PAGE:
What’s an essay?

I’m tryin’ to nail down a definition of what’s an essay. I click the first link on Google, Wikipedia. The beginning of the first sentence reads:

An essay is a piece of writing that gives the author’s own argument [..]

This raises more questions than it answers: (1) What is an argument? (2) Why does it say “the author’s own” argument—is an essay strictly one’s own, personal point of view? And (3), does an essay need to be a piece of writing, or could it be a piece of music as well?

Probably my own mistake, I shot in my own foot so-to-speak, why do I even use Wikipedia to look things up?

“An argument is a statement or group of statements called »premises« intended to determine the degree of truth or acceptability of another statement called conclusion,” says Wikipedia.

“PHRASE. Shoot yourself in the foot. INFORMAL. Cause yourself trouble by being stupid,” says Macmillan thesaurus dotcom.

Yesterday—all day long—I complained to my informal girlfriend how tired I am, and that I should go to bed earlier. She told me that I’m going to go to bed early today. She came into my bedroom at midnight, to check on my sleeping.

“It is a vulgar error to suppose that you have tasted huckleberries who never plucked them. A huckleberry never reaches Boston; they have not been known there since they grew on her three hills. The ambrosial and essential part of the fruit is lost with the bloom which is rubbed off in the market cart, and they become mere provender. As long as Eternal Justice reigns, not one innocent huckleberry can be transported thither from the country’s hills.”

She pulled away the blanket I was hiding under. “Why!” she exclaimed. “You’re still playing with your phone! Sleep now!” she commanded. I put my phone with my copy of Walden, a series of 18 essays by Henry David Thoreau, into airplane mode, set it down on the floor. How I would like to taste such huckleberries! What an essay!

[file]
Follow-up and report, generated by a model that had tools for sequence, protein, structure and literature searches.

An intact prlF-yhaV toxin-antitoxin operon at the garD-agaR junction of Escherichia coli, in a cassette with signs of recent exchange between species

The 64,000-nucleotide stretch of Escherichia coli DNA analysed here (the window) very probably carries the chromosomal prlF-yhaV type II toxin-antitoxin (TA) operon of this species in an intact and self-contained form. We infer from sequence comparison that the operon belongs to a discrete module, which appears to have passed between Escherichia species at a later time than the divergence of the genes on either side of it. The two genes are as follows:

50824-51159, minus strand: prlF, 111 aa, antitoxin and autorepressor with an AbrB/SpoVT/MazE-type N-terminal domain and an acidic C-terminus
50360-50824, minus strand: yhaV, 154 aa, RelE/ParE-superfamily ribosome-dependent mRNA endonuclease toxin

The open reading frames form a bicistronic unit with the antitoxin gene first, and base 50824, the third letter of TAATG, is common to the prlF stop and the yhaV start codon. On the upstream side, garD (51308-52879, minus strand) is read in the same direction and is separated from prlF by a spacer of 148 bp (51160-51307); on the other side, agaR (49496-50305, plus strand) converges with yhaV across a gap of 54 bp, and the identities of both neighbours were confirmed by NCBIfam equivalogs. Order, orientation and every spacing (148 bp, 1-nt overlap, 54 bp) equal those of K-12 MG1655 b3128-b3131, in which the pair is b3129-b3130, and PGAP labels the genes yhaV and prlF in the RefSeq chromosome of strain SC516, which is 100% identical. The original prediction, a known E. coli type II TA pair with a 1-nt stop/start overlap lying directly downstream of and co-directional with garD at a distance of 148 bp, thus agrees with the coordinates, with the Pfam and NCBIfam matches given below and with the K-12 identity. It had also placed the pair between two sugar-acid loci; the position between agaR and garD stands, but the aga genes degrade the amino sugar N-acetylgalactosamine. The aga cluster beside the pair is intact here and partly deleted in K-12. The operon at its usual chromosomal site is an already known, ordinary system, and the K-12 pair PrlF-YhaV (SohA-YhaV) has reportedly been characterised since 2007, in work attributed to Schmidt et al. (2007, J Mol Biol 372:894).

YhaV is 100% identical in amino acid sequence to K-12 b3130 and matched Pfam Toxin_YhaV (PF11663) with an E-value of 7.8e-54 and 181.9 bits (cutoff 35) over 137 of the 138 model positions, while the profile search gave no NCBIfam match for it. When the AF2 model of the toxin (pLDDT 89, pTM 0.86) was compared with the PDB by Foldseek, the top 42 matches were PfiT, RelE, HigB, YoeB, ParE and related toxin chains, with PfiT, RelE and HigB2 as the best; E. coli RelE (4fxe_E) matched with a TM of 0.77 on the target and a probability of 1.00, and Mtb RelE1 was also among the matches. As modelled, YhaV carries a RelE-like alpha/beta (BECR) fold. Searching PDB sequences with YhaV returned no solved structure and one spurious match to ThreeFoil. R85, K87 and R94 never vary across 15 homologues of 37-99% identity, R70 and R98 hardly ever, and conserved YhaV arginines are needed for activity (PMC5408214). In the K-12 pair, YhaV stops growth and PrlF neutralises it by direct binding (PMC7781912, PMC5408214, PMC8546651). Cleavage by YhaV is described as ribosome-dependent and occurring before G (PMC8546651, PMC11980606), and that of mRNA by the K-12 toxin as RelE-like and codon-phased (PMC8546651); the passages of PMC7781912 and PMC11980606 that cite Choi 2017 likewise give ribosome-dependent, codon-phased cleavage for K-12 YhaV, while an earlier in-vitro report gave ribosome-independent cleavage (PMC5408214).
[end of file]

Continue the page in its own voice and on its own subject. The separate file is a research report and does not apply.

“Essays can be formal—serious purpose, logical organisation—and informal—the personal element, humour, graceful style,” says Wikipedia. I notice the “and”, formal AND informal, so it can be both, I guess.

Wikipedia lists non-literary types of essays: Film, Music, Photography, Visual Arts. I would call The Moldau by Bedřich Smetana an essay in music. However, the Encyclopædia Britannica classifies it as symphonic poem. “The characteristic single-movement symphonic poem evolved from the concert-overture, an overture not attached to an opera or play yet suggestive of a literary or natural sequence of events,” says Encyclopædia Britannica. And then there’s this big pop-up on their website, right in my face, “TRUST THE FACTS” it says. Well, if it says so, who am I to question this great institution of definitional truth?

What’s an essay? What’s not an essay? What’s a good essay? Good for what? Good in doing what, good for serving what purpose? Ah yes, I recall Wikipedia, “to give my own argument”. Ah yes, the argument, supposedly a statement or group of statements that make my own conclusion more “acceptable”, more palatable, according to whoever edited Wikipedia last.

I need to work. I want to upload a second version of my latest video, the one titled “MOVE and THINK: An Essay in Movement”, circles with the lower arms, but with a different introduction. I need to film the introduction. And I need to write—to write an essay for my patrons. Been looking forward to this all month. So- let’s get to the filming first.